Armstrong case: Reactions from around pro cycling

A dejected Lance Armstrong (RadioShack) explains his defeat at the stage finish at Avoriaz

A dejected Lance Armstrong (RadioShack) explains his defeat at the stage finish at Avoriaz (Image credit: Fotoreporter Sirotti)

Riders, officials and observers of the international cycling scene have started giving their reacitons on the USADA-Armstrong case.  Cyclingnews has gathered comments from a variety of sources, including personal Tweets.

Steven de Jongh (pro rider 1996 – 2009, now directeur sportif at Team Sky): "By deleting Lance, the list of winners doesn't become more credible."

Kathy LeMond (wife of Greg LeMond, Tour winner 1986, 1989, 1990): "Finally."

Taylor Phinney (BMC Racing Team): "1 thing I will say abt @lancearmstrong is that he was integral in bringing this @USAProChallenge to life. And this race ROCKS. #usapro"

Chiara Passerini (wife of  2011 Tour de France winner Cadel Evans):" Hang on a sec, does that means that Ulrich has won how many more Tours now?I thought they stripped the title from him once too..interesting!"

Jan Ullrich, who would stand to benefit most if Armstrong loses his Tour titles, said that he hadn't particularly been following the case. “I know the order in which we crossed the finish line,” he told he dpa news agency. “I have closed out my professional career and I have always said that I am also proud of my second places.”

Ullrich, who won the Tour in 1997, could be named winner for the 2000, 2001 and 2003 editions of the race. Despite having retired in 2007, he is currently serving a two-year doping ban and also lost all of his results from May 2005 on, including his third-place finish in the Tour that year.

The director of the Dutch Anti Doping Agency, Herman Ram, said on Friday that USADA had the right to strip Armstrong of his Tour de France titles. “A disciplinary committee always has that authority in the treatment of a doping case,” although he acknowledged that the UCI “may still challenge the decision at the highest sports tribunal CAS."

Ram said while there were no positive doping tests against Armstrong, “The Disciplinary Committee has probably enough other evidence,” he said in a statement issued Friday morning, according to the AFP press agency. “There is talk of ten witnesses about doping. It is not very satisfactory that we will never know what exactly happened, because now nothing will come out.''

Brian Holm called the case “a great farce.” He told, “It will be quite entertaining to see who has won all the Tours - Alex Zülle, Jan Ullrich, Virenque, Rumsas .. There are many over the years - if not admitted - then at least have a little glitch in the machinery when it comes to the crunch,” indicating that none of the named riders rode clean.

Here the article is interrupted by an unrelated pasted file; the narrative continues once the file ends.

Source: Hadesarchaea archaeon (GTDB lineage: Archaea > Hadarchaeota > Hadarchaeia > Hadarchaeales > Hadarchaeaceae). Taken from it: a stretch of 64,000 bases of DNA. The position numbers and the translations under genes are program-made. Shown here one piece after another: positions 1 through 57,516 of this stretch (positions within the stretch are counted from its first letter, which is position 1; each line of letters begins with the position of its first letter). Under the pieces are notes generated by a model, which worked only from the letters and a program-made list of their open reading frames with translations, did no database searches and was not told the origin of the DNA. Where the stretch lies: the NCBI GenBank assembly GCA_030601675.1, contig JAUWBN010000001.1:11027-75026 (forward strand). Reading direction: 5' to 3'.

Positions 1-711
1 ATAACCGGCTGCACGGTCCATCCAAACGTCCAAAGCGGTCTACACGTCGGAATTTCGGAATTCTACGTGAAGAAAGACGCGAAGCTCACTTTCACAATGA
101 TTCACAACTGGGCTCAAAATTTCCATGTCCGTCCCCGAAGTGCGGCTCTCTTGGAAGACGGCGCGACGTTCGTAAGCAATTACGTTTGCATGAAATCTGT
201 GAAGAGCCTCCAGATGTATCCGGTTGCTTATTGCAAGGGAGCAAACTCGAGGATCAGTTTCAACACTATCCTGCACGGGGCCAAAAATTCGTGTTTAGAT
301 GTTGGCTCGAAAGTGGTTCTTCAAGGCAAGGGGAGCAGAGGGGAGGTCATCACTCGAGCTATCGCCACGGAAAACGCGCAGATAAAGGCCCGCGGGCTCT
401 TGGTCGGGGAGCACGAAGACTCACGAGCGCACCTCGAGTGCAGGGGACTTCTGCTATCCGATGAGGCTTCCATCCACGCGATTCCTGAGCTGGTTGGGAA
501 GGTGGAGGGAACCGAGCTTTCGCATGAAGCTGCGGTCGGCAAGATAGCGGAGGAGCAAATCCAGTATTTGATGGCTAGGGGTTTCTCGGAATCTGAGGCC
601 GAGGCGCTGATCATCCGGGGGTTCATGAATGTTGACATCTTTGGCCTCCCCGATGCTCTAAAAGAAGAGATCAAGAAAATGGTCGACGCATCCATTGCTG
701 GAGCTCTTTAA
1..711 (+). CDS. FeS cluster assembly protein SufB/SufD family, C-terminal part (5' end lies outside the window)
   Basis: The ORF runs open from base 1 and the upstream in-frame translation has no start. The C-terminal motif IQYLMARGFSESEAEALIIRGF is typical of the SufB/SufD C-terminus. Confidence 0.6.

“Let it go! It's hilarious to try to change the past. It is as comical as giving Ullrich a two-year suspension from jogging.”

Holm, currently directeur sportif with Omega Pharma-QuickStep, rode professionally from 1986 to 1998. In 2002 he admitted to having doped during his career, and in 2007 said that he twice used EPO in 1996 whilst with Team Telekom.

Armstrong's biggest sponsor and Livestrong partner Nike continued to support the American. "Lance has stated his innocence and has been unwavering on this position. Nike plans to continue to support Lance and the Lance Armstrong Foundation, a foundation that Lance created to serve cancer survivors,” the firm said in a statement.

The Lance Armstrong Foundation also expressed its support.  In a statement, Foundation vice president and founding chairman Jeffery C. Garvey said, “Faced with a biased process whose outcome seems predetermined, Lance chose to put his family and his foundation first and we support his decision.”

He went on to laud Armstrong's “legacy in the cancer community,” saying, “Lance has unfailingly stood by the cancer community and we will always stand by him.”

The American Cancer Society said that it hoped “that the Foundation will continue its important work. Reducing suffering and death from cancer is a moral imperative, and the Lance Armstrong Foundation’s contribution is sorely needed.”

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